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Homeless advocates brace for new wave of coronavirus homelessness

COVID-19-caused joblessness is soaring. San Antonio's largest homeless advocate is preparing to deal with a new population of homelessness created by the virus.

SAN ANTONIO — The leadership meetings at Haven for Hope in San Antonio are supposed to be about those who lack shelter and moving them into strategies to rehouse. That's the goal on any given day.

Now, the city's largest homeless care site is trying to plan for a population produced from the Coronavirus.

"We are expecting and planning for a surge in those families and individuals that are new to homelessness," Kenneth Wilson said.

Wilson is the president and CEO of Haven for Hope. He said his team is trying to figure out how to make this work for people who a newly home insecure.

"We already have seen some families here," He said. "This is a parent or parents with children."

The drift into homelessness varies. In this case, Wilson said it's unemployment. Joblessness caused by a global pandemic that shut the economy down.

"Their job was lost due to the shutdown of where ever it was they were working," He said. "No backstop, no safety net, no friends, family."

According to Wilson, the homeless care site had 1700 occupants, including 300 children, when the uptick of the virus started in March. He said none among his staff or clients have tested positive for COVID-19.

Per the Centers for Disease Control and Prevention guidelines, they leave the chronically homeless in place. Wilson said his staff hits bridges and homeless camp to issues masks, food and put an eye on those who may require help.

To achieve social distance guidelines for those who opted to come inside, they were able to secure hotel space not far from San Antonio Public Safety Headquarters.

But these are not the new faces who, due to joblessness, may lose their living space. Wilson said they plan. But they don't know how many.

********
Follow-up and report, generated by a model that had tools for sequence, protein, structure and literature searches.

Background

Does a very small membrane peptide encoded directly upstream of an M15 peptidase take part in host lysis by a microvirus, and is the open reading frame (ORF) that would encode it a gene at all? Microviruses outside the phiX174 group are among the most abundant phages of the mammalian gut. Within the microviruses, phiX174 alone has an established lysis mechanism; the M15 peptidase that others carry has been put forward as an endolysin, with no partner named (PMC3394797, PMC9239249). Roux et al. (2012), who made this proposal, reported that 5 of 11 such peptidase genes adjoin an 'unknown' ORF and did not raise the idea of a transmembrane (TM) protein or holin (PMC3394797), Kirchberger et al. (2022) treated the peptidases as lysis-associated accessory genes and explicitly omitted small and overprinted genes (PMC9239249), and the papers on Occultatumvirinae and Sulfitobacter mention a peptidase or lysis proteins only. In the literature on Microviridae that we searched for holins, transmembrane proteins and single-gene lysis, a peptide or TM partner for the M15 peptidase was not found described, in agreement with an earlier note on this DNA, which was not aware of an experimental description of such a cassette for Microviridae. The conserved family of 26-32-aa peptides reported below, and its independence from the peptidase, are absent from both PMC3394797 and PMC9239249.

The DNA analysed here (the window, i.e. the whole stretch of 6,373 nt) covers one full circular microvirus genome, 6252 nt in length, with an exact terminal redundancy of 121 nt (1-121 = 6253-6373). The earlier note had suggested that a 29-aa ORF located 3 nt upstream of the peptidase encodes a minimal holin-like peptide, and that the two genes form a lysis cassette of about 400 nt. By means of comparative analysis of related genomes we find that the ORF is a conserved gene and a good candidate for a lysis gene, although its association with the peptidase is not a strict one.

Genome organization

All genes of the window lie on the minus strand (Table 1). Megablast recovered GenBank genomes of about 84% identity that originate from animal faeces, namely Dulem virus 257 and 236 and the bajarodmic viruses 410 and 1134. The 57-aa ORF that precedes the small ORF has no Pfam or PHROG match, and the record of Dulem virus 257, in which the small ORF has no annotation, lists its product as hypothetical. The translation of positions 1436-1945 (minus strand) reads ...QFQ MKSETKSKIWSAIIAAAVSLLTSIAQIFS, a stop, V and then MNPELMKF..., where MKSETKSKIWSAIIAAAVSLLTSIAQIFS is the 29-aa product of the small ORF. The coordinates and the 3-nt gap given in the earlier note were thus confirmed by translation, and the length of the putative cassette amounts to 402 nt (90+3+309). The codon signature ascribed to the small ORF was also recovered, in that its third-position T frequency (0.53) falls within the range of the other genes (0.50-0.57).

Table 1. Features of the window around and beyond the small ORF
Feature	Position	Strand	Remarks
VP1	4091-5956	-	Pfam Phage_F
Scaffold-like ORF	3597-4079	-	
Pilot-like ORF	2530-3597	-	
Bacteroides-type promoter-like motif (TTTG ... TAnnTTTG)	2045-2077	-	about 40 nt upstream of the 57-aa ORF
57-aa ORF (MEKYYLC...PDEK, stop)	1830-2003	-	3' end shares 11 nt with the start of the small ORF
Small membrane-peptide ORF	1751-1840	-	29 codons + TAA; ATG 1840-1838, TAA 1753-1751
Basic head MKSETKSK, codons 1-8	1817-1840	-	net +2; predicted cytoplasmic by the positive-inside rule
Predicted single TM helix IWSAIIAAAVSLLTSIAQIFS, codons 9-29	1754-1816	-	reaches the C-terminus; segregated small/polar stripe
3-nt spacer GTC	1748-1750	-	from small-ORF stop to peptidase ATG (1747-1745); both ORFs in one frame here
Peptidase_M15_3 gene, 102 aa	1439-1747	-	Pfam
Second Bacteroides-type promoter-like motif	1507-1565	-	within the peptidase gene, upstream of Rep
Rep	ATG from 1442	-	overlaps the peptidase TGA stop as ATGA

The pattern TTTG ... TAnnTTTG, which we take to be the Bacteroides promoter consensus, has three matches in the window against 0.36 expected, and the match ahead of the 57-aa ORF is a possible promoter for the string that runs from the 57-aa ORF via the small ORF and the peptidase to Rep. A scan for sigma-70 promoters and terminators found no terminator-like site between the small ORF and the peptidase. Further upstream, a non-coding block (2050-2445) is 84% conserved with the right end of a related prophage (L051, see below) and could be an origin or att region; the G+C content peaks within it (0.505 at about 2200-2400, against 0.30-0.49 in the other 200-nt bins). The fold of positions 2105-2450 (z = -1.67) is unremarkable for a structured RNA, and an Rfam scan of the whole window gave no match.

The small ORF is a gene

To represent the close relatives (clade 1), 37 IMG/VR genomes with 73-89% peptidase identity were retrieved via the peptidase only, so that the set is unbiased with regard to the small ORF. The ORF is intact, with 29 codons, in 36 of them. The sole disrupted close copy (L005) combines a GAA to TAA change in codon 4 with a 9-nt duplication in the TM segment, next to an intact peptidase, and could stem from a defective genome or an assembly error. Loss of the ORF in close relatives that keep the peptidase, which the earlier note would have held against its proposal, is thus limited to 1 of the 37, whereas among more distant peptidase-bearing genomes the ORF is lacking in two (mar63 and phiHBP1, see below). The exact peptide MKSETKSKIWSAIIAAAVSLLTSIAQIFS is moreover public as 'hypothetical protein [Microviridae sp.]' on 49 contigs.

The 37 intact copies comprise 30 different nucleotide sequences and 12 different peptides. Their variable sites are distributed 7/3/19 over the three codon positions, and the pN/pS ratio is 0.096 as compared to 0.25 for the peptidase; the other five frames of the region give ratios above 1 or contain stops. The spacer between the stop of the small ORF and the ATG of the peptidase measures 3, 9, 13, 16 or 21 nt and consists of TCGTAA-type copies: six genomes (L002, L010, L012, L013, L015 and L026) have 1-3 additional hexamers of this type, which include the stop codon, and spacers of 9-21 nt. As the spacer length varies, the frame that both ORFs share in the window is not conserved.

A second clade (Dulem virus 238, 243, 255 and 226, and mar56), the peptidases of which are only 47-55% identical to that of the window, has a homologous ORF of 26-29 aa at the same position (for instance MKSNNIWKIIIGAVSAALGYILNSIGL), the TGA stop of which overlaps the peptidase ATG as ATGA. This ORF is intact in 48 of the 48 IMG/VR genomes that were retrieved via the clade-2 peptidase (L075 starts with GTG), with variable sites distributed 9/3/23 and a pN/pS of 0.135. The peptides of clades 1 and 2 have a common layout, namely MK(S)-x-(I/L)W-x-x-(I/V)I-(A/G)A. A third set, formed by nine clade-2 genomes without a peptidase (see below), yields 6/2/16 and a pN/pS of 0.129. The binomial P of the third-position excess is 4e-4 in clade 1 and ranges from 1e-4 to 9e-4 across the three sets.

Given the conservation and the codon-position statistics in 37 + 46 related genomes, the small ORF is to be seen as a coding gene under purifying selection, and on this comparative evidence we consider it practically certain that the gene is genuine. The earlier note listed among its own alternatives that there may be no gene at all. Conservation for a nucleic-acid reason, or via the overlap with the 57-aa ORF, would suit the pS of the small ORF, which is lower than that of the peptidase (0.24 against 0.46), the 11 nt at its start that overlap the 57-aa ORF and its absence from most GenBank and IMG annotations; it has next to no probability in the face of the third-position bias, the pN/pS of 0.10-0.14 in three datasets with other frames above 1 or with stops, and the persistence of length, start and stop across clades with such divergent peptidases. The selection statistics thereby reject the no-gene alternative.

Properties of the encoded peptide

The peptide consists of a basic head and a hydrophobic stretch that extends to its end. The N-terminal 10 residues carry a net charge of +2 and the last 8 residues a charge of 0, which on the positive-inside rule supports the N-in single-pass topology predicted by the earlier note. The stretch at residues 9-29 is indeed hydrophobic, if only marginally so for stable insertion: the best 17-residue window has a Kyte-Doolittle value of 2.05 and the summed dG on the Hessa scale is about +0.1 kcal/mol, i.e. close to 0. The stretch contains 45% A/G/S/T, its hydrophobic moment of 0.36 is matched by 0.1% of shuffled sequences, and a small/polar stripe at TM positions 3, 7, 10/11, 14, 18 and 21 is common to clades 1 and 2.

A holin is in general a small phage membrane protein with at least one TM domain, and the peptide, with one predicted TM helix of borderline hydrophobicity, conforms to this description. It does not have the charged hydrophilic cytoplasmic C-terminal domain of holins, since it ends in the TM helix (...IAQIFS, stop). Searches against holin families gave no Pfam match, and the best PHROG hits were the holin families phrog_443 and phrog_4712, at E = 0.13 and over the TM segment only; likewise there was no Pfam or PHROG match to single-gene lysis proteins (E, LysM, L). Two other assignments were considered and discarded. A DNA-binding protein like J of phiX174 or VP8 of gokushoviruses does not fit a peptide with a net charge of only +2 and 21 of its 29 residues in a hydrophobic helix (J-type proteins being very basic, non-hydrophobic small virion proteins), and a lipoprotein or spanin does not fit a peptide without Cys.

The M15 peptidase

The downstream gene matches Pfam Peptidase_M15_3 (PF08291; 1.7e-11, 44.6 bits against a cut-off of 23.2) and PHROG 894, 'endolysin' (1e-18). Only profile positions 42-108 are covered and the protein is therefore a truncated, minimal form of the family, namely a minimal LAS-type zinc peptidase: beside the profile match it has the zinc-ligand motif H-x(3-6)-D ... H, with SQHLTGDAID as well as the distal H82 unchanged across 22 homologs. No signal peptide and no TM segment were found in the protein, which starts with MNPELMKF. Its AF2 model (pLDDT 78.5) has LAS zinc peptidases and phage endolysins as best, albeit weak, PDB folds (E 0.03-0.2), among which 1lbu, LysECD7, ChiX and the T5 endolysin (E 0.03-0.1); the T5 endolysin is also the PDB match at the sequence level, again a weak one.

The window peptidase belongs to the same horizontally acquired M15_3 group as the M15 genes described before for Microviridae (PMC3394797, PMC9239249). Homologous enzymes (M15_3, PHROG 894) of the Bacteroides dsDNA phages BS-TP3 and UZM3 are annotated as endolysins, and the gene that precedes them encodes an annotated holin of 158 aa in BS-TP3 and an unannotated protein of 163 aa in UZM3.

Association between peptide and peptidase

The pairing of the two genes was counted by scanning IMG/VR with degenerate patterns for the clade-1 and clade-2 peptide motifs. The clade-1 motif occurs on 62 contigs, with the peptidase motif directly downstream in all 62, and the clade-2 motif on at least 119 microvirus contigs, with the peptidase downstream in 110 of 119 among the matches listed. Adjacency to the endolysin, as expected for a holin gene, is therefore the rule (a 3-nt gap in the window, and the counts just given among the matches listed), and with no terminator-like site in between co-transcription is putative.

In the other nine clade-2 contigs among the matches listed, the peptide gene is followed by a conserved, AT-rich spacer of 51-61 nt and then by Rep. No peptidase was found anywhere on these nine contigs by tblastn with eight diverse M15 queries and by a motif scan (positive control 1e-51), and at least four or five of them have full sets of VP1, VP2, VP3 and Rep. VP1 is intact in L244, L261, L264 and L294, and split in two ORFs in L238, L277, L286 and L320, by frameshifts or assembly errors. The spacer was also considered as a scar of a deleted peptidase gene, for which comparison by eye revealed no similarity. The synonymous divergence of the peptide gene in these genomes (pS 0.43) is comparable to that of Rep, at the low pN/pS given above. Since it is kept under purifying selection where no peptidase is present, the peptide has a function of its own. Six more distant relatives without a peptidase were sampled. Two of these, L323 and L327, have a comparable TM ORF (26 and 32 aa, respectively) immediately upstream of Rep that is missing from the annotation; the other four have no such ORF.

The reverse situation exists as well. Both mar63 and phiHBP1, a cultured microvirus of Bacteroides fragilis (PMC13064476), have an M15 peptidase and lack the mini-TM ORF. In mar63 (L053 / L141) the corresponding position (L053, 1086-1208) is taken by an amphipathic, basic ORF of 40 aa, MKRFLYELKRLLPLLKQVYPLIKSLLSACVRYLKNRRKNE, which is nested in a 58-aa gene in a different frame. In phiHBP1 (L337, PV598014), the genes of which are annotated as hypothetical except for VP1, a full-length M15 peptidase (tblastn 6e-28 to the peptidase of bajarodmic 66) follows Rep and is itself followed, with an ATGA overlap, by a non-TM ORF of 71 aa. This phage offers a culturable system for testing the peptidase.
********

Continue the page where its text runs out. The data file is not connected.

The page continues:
"It's hard to predict. We have a limit to the number of people we can take from a practicality standpoint," He said.

The National Alliance to End Homelessness said post-pandemic an increase in homelessness would stress an already strained system.

A study released with the University of Pennsylvania, UCLA, and Boston University shows the homeless are twice as likely to be hospitalized during this pandemic. Their rate of required critical care is two to four times greater, as is their likelihood of death due to the virus.

Addressing the issue is estimated at $11.5 billion.

Fitting the fallout from a pandemic into a burdened system may become challenging.

"So this is kind of new line of business for us," Wilson said. "Those that have kind of suddenly felt the negative effects of this pandemic."

A stop-gap measure from the city of San Antonio and Bexar County fended off evictions. More importantly, millions in survival relief was made available.

San Antonio's COVID-19 assistance is $25 million to pay for rent, mortgages, the internet, utilities, and medicine. Bexar County made $2.6 million available to assist citizens with housing.

"This sneaked up on all of us," Wilson said.

He believes based on historic unemployment numbers in Texas--2.2 million filers statewide that San Antonio will see new faces to a population already in need of rescue.

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